By John H. Hayes (ed.)
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Extra info for Dictionary of Biblical Interpretation, Volume 2 (K-Z)
Scholars have become intensely conscious of the problems surrounding the historical reliability of the biblical reports. Above alL however, the period is characterized by the attempt to reconstruct the history of the formation of the biblical books. Accordingly, the following survey will concentrate on various views concerning the literary process whereby the books of Kings attained their present fornl. ) and that of the compiler-editor. (2) Kings underwent deuteronom1stic editing, as the recurring linguistic and thematic affinities with Deuteronomy indicate.
For Benzinger, 1's strand continues down to Hezekiah, while E's extends to 10siah's reform. But according to Holscher, 1 reaches no further than the breakup of the uniLed monarchy, whereas E has its conclusion in 2 Kgs 25:30 and so is to be dated to the exile. R. SfvIEND, Sr. ) and Eissfeldt (1934) both thought in terms, rather, of three sources they designated respectively as J, J2, and E; and L (the "lay source"), 1, and E as the componenL strands in the pre-deuteronomistic historical book that encompassed Genesis-Kings.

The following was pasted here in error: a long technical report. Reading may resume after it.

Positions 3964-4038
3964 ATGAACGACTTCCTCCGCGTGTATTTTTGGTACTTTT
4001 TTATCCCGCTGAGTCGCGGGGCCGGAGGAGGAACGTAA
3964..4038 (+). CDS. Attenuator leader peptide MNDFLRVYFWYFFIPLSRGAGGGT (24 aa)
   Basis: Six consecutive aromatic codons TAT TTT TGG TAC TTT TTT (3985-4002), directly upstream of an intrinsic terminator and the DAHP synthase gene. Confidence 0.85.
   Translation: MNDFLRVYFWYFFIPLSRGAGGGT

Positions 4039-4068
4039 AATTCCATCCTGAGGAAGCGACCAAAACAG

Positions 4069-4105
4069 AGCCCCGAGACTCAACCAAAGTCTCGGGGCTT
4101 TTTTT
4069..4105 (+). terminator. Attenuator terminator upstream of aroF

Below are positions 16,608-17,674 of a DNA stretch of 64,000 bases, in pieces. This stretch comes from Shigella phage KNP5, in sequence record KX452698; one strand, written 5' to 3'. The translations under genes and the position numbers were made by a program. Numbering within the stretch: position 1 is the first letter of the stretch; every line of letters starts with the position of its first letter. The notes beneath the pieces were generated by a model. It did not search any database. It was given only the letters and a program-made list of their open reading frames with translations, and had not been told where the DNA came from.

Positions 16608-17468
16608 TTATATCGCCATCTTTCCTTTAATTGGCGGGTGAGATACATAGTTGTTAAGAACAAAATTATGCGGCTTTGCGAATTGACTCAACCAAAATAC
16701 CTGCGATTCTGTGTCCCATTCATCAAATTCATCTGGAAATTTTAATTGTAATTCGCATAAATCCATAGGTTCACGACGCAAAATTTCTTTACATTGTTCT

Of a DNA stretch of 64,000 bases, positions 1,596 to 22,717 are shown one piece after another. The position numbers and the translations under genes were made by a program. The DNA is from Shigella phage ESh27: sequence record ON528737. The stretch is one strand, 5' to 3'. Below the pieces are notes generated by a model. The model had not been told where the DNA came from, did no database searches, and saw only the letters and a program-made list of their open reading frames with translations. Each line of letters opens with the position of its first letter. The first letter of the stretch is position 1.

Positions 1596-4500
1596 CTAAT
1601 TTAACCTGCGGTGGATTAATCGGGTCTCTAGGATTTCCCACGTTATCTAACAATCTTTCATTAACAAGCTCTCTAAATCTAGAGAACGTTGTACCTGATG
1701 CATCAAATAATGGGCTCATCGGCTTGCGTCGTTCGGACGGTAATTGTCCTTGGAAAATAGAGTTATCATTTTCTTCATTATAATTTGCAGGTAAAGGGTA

With WUrthwein, Noth's single exilic deuteronomistic editor becomes a whole series of exilic/postexilic deuteronomists. c. A pree:cilic dellter01lo11listic redactor. The next group of scholars agree with Noth that the first, major, encompassing redactional activity that gave us a book of Kings was deuteronomisLic. They diverge from him (as well as from the authors cited in sec. b above) on the question of whether that activity started only during the exile (with Noth they admit a deuteronomistic exilic redaction).
Dictionary of Biblical Interpretation, Volume 2 (K-Z) by John H. Hayes (ed.)